Diesel Fuel Day Tank

Polaris, the sailboat we looked after for a month in Greenland, is fitted with a diesel day tank that’s installed so the bottom of the tank is higher than the intake on the main engine and Refleks heater. (The Webasto heaters require a combined metering and lift pump, so their position, relative to the tank, is not an issue.)

There are several advantages to this system:

  1. Finding an air leak in the fuel intake line to a diesel engine, which will quickly stop the engine, can be one of the most frustrating tasks known to humankind. That whole problem goes away with a day tank like this one since the fuel system is under slight pressure from gravity, making a leak both less likely—pressure tends to seal fittings and gaskets, vacuum has the opposite effect—and obvious if one does occur.
  2. Fuel plumbing is simplified since a boat like Polaris, with four separate diesel tanks and without a day tank, would need a feed and return (where required) line for each diesel burning device on the boat to each tank—a plumbing nightmare. On Morgan’s Cloud we have two tanks and three user devices, together with a fuel polish system, which results in a fuel valve system that looks as if it should require a nuclear plant operator’s license.
  3. Changing filters on the engine is easier since they will automatically fill by gravity and priming the engine will be easier too. (On Morgan’s Cloud we have a small electric fuel pump in the system that provides the same benefit without a day tank.)
  4. The day tank can be more easily cleaned, and water as well as sludge more easily drained from the bottom, than the main tanks.
  5. Since the fuel is filtered when being pumped from the main tanks to the day tank and then again as it goes out to the user devices, a polish system is not really required, particularly when you take into account point four above.
  6. It is much easier to measure and monitor the fuel consumption of each device using a day tank. For example, we filled in a log of the fuel used by the heater each day while caretaking Polaris.

Hutting, builder of Polaris, has done an installation job on the day tank that is, like all the systems on the boat, a work of art.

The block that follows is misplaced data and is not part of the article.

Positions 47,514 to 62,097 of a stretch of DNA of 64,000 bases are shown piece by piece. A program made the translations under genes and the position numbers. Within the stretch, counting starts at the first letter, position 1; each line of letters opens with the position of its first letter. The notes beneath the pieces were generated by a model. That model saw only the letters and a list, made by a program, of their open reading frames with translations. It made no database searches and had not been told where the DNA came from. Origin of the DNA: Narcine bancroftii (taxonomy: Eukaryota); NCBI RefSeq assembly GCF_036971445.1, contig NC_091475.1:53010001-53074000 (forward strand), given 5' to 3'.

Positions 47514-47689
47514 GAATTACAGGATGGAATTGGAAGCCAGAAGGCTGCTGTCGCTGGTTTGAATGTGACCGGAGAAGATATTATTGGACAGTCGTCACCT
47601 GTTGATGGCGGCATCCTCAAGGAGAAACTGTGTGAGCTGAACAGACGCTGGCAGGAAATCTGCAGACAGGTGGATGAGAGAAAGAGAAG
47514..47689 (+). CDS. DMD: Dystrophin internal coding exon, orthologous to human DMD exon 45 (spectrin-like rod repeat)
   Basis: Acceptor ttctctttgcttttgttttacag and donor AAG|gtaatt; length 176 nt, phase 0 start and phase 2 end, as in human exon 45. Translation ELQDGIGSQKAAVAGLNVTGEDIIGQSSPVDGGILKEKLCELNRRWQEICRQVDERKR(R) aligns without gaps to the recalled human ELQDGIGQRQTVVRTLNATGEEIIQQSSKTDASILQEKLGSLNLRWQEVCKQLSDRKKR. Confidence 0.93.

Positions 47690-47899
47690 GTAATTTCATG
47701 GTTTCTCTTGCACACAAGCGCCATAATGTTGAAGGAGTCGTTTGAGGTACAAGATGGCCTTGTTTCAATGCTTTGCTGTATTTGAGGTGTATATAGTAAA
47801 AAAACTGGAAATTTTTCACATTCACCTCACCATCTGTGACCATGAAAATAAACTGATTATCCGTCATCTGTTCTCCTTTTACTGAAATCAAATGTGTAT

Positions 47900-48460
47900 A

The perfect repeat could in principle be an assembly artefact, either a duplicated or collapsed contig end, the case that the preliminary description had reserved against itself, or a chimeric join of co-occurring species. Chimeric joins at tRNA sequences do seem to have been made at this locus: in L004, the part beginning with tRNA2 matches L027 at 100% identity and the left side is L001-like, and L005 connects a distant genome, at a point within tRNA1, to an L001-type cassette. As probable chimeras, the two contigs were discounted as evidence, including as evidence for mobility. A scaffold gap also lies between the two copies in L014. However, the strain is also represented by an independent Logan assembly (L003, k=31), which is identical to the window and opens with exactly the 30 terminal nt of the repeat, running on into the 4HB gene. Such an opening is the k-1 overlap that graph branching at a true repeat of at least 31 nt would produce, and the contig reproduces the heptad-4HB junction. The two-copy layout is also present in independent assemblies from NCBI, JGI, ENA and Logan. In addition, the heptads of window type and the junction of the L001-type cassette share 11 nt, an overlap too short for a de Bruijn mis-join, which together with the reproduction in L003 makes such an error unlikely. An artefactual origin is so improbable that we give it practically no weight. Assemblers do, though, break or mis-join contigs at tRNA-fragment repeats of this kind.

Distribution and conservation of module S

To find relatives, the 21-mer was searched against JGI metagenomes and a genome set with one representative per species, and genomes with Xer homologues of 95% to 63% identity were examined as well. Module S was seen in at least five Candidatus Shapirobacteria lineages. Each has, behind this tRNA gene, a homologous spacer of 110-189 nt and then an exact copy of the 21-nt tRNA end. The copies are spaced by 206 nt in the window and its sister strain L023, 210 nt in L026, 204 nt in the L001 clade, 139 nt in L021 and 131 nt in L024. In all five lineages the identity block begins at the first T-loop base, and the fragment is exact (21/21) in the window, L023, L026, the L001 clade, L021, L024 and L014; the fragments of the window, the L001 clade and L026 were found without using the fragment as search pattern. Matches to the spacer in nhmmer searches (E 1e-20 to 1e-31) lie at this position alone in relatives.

The front of the day tank (just above the twin filters) is what you are looking at in the photo. (The smaller black tank in the left middle ground is the engine cooling header tank and nothing to do with the fuel system.) The blue pump on the upper left fills the tank from whichever main tank is selected on a separate manifold (not shown) when the black button on the control box to the right is pressed. The pump also starts automatically if the day tank reaches half empty. The red button stops the pump, which also stops automatically when the tank is full. There is also a manual pump (green) in case the electric one fails. Under the tank there is a deep drip pan to catch the inevitable spills that will occur when the tank is being cleaned or worked on. There is also a simple sight-glass gauge that Michael (owner of Polaris) has accurately calibrated.

Drawbacks to the system—there are always drawbacks since everything on a boat is a compromise—are the substantial amount of valuable space used by the day tank and related plumbing, and the chance of running the engine dry if the automatic refill system fails or overflowing out the vent if the automatic stop fails.

On balance, we would say that a day tank makes a lot of sense.

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John was born and brought up in Bermuda and started sailing as a child, racing locally and offshore before turning to cruising. He has sailed over 100,000 miles, most of it on his McCurdy & Rhodes 56, Morgan's Cloud, including eight ocean races to Bermuda, culminating in winning his class twice in the Newport Bermuda Race. He has skippered a series of voyages in the North Atlantic, the majority of which have been to the high latitudes. John has been helping others go voyaging by sharing his experience for twenty years, first in yachting magazines and, for the last 18 years, as co-editor/publisher of AAC.

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